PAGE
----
(U) PAVE PAWS (Phased Array Warning System) is an Air Force Space Command radar system providing missile warning and space surveillance. PAVE PAWS radars are located at Cape Cod Air Force Station (AFS), MA; Beale Air Force Base (AFB), CA; Eldorado AFS, TX; and Robins AFB, GA. The Eldorado and Robins sites were placed in caretaker status by AFSPC in Sep 95, and are not currently performing their mission, although they could be reconstituted.
(U) The radar system is used primarily to detect and track sea-launched and intercontinental ballistic missiles (SLBM and ICBM) with a secondary mission of detecting and tracking earth orbiting satellites. Information received from the PAVE PAWS radar systems pertaining to SLBM, ICBM and satellite detection is forwarded to Space Command's Missile Warning and Space Control Centers at Cheyenne Mountain AFB, CO. Data is also sent to the National Military Command Center (NMCC) and the U.S. Strategic Command (USSTRATCOM).
(U) The unique aspect of the PAVE PAWS radar system is the dual-faced phased array antenna technology. This system differs from a mechanical radar that must be physically aimed at an object in space to track or observe it. The phased array antenna is in a fixed position and is part of the exterior building wall. Phased array antenna aiming, or beam steering is done rapidly by electronically controlling the timing, or phase of the incoming and outgoing signals. Controlling the phase, through the many segments of the antenna system, allows the beam to be quickly projected in different directions. This greatly reduces the time necessary to change the beam direction from one point to another, allowing almost simultaneous tracking of multiple targets while maintaining surveillance.
(U) The large fixed antenna array, using its beam focusing, improves system sensitivity and tracking accuracy. A phased array antenna, as any other directional antenna, receives signals from space only in the direction in which the beam is aimed. The maximum practical deflection on either side of antenna center of the phased array beam is 60 degrees. This limits the coverage from a single antenna face to 120 degrees. To provide surveillance across the horizon, the building housing the entire system and supporting antenna arrays is constructed in the shape of a triangle. The two building faces supporting the arrays, each covering 120 degrees, are therefore able to monitor 240 degrees. The array faces are also tilted back 20 degrees to allow for an elevation deflection from three to 85 degrees above the horizon. The lower limit provides receiver isolation from signals returned from ground clutter and for environmental microwave radiation hazard protection of the local area.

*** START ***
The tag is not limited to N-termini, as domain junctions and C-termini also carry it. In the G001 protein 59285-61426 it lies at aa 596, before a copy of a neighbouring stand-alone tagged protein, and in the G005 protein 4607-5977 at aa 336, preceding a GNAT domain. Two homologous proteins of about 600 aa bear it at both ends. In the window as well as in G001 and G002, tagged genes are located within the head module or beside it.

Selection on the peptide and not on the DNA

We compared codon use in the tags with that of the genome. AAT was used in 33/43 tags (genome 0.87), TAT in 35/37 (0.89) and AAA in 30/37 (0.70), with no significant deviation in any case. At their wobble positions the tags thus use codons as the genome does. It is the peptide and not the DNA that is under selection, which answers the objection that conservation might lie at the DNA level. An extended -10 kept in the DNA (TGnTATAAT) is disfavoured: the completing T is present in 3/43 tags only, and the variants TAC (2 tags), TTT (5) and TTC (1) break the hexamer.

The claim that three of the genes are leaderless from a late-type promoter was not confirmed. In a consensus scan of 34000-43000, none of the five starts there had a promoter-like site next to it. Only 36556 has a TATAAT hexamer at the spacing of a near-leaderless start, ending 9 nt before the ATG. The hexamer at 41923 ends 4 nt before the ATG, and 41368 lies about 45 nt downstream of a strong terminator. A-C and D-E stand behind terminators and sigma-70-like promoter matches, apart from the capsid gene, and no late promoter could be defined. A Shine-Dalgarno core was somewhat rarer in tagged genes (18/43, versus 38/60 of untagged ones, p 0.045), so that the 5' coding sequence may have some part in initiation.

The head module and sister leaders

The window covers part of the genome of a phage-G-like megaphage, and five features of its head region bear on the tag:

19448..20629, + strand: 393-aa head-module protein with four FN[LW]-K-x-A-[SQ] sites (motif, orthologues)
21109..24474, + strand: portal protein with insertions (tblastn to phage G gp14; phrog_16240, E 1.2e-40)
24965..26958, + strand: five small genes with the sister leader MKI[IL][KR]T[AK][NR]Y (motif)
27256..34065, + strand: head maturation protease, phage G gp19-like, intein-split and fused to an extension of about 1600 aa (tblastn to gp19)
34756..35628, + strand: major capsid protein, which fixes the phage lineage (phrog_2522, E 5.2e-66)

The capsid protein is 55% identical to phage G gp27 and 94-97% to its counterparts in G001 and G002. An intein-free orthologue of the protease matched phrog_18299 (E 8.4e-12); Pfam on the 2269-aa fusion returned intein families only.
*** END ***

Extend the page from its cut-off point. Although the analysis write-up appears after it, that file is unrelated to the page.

(U) The radar system is capable of detecting and monitoring a great number of targets that would be consistent with a massive SLBM attack. The system rapidly discriminates between vehicle types, calculating their launch and impact points in addition to the scheduling, data processing and communications requirements. The operation is entirely automatic, requiring people only for monitoring, maintenance and as a final check the validity of warnings. Three different computers communicating with each other form the heart of the system, which relays the information to Cheyenne Mountain AFB.
|Beale||PAVE Phased Array Warning System (PAWS) at Beale|
|Cape Cod||PAVE PAWS (Phased Array Warning System) at Cape Cod|
|Eldorado||PAVE Phased Array Warning System (PAWS) at Eldorado Air Force Station (AFS)|
|Robins||PAVE Phased Array Warning System (PAWS) at Robins|
|SURVEILLANCE AND WARNING||SPACE FORCE ENHANCEMENT: SURVEILLANCE AND WARNING|
(U) 10 November 1997
(U) Road Map Production Date: 18 June 2001